For the blockchain market, comparisons to the Internet abound, especially on whether the dot Com crash of 2000 will bear similarities to its blockchain cousin.
A simple analogy would lead you to believe that since we are probably around the 1997-1998 time-frame in relation to Web chronology, when we cross into 2000, a similar crash might happen. For that class of believers, they would have you sit out the current blockchain activity, wait for an imminent blockchain crash, and then pick up its pieces, just as you might have done with the Internet, post 2002 when the post dot-com bear market ended. But that argument doesn’t necessarily hold a lot of water in the blockchain space because of the thesis of this post:
Rather than one big crash that resets the entire field, there will likely be a succession of mini crashes, one following the other. Each one of these mini crashes will flush some bad coins, while simultaneously bringing new ones, and giving birth to new projects of increasingly higher quality.
So, if you are waiting for a big blockchain crash, it may never happen as such, because it is already happening in smaller (yet significant), successive doses. It’s like death by a thousand cuts. More importantly, if you are a venture investor, skipping this period would have you miss the opportunities that continue to emerge, as well as miss the learning experiences which only come from being directly involved in something. Furthermore, while the Internet crash of 2000 put a temporary chill on the funding of new tech companies, the blockchain’s market cap volatility is barely affecting the pace of startup innovation and open sourced decentralization projects that are getting funded.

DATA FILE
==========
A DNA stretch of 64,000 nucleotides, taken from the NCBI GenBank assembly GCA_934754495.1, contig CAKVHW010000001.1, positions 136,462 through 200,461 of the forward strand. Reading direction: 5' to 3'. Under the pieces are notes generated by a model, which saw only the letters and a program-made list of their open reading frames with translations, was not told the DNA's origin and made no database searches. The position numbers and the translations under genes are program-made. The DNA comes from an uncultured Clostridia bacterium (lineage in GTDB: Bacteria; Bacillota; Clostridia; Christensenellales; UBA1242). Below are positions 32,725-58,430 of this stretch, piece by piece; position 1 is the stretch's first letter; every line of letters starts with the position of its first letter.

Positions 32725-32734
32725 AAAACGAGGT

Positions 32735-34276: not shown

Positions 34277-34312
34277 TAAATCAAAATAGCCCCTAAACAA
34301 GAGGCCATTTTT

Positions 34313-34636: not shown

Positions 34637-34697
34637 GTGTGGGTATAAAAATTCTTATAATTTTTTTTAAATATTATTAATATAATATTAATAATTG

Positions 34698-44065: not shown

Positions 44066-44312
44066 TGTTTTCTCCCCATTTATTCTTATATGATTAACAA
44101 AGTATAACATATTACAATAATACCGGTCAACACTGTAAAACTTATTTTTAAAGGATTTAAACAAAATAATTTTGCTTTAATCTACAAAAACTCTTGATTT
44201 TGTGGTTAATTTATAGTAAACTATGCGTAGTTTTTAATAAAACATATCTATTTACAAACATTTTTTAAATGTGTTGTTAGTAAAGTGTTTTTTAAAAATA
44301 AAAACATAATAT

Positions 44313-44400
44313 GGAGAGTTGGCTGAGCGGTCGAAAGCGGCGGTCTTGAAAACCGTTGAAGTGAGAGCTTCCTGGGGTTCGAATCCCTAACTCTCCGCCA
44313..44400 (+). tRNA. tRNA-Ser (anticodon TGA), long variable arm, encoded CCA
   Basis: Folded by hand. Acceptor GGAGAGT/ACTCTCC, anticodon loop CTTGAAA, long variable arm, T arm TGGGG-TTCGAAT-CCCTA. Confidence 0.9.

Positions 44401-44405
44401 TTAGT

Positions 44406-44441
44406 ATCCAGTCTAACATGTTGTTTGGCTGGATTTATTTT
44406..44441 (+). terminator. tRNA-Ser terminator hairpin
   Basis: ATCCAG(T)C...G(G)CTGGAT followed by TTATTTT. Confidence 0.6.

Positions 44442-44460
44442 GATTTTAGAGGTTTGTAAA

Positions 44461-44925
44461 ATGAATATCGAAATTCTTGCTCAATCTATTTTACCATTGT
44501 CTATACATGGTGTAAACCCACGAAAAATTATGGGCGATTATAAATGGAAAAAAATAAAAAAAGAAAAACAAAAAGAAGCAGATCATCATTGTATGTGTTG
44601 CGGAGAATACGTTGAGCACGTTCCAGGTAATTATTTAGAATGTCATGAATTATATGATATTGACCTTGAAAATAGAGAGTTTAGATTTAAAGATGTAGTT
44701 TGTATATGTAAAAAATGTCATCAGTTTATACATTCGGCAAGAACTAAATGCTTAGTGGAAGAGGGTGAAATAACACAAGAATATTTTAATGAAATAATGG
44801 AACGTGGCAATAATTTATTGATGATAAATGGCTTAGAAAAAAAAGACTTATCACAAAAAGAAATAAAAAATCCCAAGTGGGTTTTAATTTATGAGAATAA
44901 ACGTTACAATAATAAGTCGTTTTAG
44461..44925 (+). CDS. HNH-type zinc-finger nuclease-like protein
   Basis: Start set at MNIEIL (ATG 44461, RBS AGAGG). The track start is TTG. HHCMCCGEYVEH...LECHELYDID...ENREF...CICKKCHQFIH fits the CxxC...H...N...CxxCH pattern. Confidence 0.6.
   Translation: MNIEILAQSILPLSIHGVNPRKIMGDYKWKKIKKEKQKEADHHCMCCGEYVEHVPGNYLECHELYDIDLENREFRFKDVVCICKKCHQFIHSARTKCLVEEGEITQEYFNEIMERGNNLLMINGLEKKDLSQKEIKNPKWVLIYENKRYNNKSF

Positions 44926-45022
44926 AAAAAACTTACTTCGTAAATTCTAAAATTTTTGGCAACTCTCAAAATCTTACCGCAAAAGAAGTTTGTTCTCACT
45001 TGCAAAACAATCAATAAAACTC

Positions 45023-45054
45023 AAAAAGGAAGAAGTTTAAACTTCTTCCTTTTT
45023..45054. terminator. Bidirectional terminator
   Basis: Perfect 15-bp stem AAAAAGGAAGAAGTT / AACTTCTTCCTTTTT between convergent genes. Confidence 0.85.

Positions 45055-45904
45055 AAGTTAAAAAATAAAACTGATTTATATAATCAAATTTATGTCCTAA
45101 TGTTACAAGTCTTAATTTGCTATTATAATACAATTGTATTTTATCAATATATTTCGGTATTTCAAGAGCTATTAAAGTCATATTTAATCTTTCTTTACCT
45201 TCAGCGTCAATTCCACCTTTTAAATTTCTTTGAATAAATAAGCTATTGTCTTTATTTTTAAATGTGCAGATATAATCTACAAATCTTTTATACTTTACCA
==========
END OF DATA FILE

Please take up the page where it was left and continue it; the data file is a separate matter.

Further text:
If you look at the recent market highs of January 2018 (and December for Bitcoin specifically), and compare to where we are today, you will see that we already have seen the equivalent of a crash in terms of market capitalization losses, across the board. The low of $190B on Aug 14th 2018 is about one quarter of the market value high of $828B that was attained in January. Many coins are currently trading at 10-20% of their highest value. And there were other crashes prior, when market caps lost billions again. Here’s a chronology:
It is interesting to note that while the first crash took place over a 2-month period, the second one took 4 months to materialize, and the current one has been 8 months in the making. Maybe there is a correlation somewhere, but it may be too early to declare a pattern. Each one of these mini-crashes corrected the market by 57% to 77% of its original value.
In contrast, the dot-com doldrums lasted 19 months to be exact, from March 2000 until October 2002, when several companies lost 80-90% of their stock value, and many didn’t even survive. Interestingly, upcoming companies such as eBay and Amazon also saw their value drop significantly then, but recovered quickly thereafter. The dot-com crash did wipe $1.7 trillion in total market capitalization value for companies, but this is not a fair comparison because that included drops from large, established tech companies such as Cisco and Qualcomm, and not just the dot-com newcomers.
Source/More: Startup Management » The Long (Blockchain) Crash